Resetting breakers

If you lose power in a particular area of your home, it’s likely because the breaker was tripped. Resetting that breaker is easy. Grab yourself a flashlight and head on down to your breaker box. Look for the area of your home where the lights went out on the label of your breakers. If you don’t have labels, look for the breaker that is positioned in the MIDDLE. A breaker that is off will point AWAY from the panel center. One that is on – will point towards it. Simply take the breaker switch and turn it OFF first, then flip it all the way back to ON and you should be good to go.

If not, and the circuit trips again, then turn the breaker back off without resetting it, close the panel door and call a pro to come check it out. 99/100 cases however, you won’t have to do this.

What to do about a trippy box? 

Some boxes constantly trip. The reasons for these are numerous, but the two most common ones being that it simply isn’t designed to maintain the capacity and stress that your lifestyle is putting on the board. The second is that the board could simply be damaged. Both should be calls you make to an electrician.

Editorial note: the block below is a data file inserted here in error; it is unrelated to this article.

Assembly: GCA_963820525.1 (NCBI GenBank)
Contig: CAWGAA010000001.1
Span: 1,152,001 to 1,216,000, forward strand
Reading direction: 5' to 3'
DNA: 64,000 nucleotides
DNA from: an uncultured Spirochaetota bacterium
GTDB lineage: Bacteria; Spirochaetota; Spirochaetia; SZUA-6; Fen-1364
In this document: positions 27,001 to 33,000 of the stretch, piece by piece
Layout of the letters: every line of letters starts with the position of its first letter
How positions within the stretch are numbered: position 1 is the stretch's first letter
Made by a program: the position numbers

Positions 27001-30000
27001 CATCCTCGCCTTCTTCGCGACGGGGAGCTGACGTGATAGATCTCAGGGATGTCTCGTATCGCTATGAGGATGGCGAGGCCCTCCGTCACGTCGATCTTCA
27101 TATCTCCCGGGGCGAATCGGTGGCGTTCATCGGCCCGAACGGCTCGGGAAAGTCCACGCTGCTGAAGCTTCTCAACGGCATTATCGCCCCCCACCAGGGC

And above all else – if you notice charred breakers or something smells like it’s burning. Turn those breakers of immediately and seek a professional. DO NOT mess around with your own personal safety.

When the lights go out

Power outages are the worst. In fact, think of a more sinking feeling than the one you get in those first few seconds once the power goes out and everything goes quiet. There’s almost nothing worse. Once you’re over the initial ‘ugh’ factor, you immediately flip into the ‘what to do’ mode. How do you respond, what is the problem? Where is it? Is it just my home or somewhere else?